Rural Carrier Associate Elise Gipson,
outside the Buras, LA, Post Office that
was destroyed one year ago by
It was one year ago
last month that Hurricane
Katrina made landfall in
pummeling the community with 125 mile-per-hour
winds and signaling the
start of the most destructive hurricane ever to hit
the Gulf Coast.
Buras, LA, Rural Carrier Associate Elise Gipson delivers the mail to Plaquemines Parish. Like the bright strobe
light on the roof of her jeep, Gipson is a beacon of hope to
her community. "We started delivering in May, and once
they saw the blinking light, they started replacing their mailboxes from one end of the parish to the other like crazy,"
she says. "They knew it meant things were going to get
better. One man was so excited he put up flowers at the
As a lifetime resident of the small community, Gipson
had plenty of experience with storms and she evacuated in
time. Since returning, Gipson - like her neighbors and co-
workers - copes each day with the challenge of trying to
return to a normal life after experiencing firsthand such
wide-spread devastation. Wind, tidal surge and mud
caused the roof and walls of Gipson's to partially
"We're glad she's delivering mail for us," says customer
Nicole Bourgeos. "We look forward to her little white jeep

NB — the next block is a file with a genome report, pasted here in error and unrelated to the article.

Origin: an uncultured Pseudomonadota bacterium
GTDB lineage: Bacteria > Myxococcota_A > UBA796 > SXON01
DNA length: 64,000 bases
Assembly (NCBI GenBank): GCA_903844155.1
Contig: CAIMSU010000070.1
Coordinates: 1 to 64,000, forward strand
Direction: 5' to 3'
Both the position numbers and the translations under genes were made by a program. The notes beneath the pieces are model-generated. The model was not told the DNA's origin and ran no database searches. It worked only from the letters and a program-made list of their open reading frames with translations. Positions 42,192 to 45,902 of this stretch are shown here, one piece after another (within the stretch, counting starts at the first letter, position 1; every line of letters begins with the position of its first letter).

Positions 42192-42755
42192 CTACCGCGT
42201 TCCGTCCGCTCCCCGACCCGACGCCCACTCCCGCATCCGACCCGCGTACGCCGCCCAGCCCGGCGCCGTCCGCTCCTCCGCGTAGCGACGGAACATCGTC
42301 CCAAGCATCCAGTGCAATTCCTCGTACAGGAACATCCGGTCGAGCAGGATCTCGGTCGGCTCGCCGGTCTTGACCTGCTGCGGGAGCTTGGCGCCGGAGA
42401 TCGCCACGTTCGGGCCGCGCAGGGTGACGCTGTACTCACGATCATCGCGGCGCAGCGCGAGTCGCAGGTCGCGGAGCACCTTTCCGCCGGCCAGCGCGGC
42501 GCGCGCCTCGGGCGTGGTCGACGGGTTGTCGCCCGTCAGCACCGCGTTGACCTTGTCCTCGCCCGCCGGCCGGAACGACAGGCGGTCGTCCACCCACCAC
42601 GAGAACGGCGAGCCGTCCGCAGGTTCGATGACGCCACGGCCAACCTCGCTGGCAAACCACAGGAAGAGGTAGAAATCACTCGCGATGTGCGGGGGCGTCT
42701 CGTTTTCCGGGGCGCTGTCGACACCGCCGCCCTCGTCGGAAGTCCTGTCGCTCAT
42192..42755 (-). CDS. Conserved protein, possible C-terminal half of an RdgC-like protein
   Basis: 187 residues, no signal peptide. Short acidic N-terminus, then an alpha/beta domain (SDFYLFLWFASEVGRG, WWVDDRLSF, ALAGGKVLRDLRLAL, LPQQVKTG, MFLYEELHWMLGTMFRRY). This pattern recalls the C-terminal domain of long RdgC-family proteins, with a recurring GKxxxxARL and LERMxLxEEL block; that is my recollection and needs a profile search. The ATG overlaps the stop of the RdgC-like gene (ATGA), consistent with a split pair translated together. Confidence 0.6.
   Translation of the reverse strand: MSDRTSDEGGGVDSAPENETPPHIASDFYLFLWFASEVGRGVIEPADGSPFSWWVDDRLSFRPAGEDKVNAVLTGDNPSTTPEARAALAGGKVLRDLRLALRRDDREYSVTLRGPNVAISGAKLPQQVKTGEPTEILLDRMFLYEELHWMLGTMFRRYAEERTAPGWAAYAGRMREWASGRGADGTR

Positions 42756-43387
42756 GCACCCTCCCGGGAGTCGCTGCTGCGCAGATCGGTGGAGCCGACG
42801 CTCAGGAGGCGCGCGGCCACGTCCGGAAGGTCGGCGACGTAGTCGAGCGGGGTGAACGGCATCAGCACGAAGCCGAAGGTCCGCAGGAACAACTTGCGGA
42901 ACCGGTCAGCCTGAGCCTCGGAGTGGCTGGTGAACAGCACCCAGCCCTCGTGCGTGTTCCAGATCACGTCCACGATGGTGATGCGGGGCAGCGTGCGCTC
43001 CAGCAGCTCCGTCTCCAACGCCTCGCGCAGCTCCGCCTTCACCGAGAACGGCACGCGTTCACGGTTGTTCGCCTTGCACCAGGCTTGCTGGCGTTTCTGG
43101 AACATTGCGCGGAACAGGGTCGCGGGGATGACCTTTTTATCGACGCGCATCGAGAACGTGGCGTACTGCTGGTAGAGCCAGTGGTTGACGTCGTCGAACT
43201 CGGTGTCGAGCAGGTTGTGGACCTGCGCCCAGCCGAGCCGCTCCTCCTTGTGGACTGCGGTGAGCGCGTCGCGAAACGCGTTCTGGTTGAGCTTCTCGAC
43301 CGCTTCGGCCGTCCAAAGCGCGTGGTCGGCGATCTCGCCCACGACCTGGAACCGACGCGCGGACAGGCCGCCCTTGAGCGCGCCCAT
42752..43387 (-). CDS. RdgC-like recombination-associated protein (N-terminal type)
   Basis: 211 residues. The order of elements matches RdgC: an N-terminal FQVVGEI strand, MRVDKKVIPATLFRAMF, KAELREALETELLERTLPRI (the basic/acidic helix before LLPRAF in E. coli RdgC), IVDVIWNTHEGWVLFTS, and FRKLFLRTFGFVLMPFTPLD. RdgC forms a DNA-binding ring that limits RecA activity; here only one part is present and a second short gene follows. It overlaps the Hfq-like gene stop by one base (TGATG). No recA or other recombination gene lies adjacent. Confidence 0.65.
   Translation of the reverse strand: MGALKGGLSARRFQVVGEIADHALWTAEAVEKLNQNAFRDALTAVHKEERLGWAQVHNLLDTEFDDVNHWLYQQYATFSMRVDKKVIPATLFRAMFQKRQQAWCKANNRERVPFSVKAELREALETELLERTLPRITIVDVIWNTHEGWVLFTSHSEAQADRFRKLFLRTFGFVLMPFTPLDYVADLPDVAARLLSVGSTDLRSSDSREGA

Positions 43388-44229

coming down the road."
Carrier Pickup is off the charts
Carrier Pickup recently made its 40 millionth pickup at
LensWorld.com's main office in Hoboken, NJ.
LensWorld.com has been in business for five years now.
It fulfills contact lens prescriptions through its Web site and
ships them using the Postal Service's domestic and international expedited services. And each day, for five years,
LensWorld.com owner Kevin Walsh was going into the
local Post Office with satchels full of outgoing packages.
Customer Service Supervisor Dennis Haggerty was the
first to speak to Walsh about Carrier Pickup. "I told him that
we could pick up his packages at no extra charge and his
eyes bugged out," said Dennis. "I walked him through the
Web site and he started requesting pickups the next day."
Walsh is seeing clearly how Carrier Pickup saves both
time and money. "Now, I just give my packages to my carrier and he takes care of the rest."
Richard Potter dies at 79: PMG's father
was career USPS employee
Richard "Dick" Potter, a 40-year postal veteran and
father of Postmaster General John E. Potter, died recently
at 79. Dick began his Postal Service career as a letter carrier and worked in several stations in Manhattan, retiring in
1985 as Director of Station Operations for the New York
Post Office, with responsibility for some of the most complicated delivery zones in the nation. Other survivors include
his wife Maureen; sons Richard, Christopher, Brian, and
Brendan; daughter Mary Anne Gassert; and 14 grandchildren. He is also survived by his sister, Anna Nestor, and his
In lieu of flowers, donations in the name of Richard
Potter may be sent to the Parkinson's Disease Foundation
for Research, 710 W. 168 St., New York, NY 10032-3726.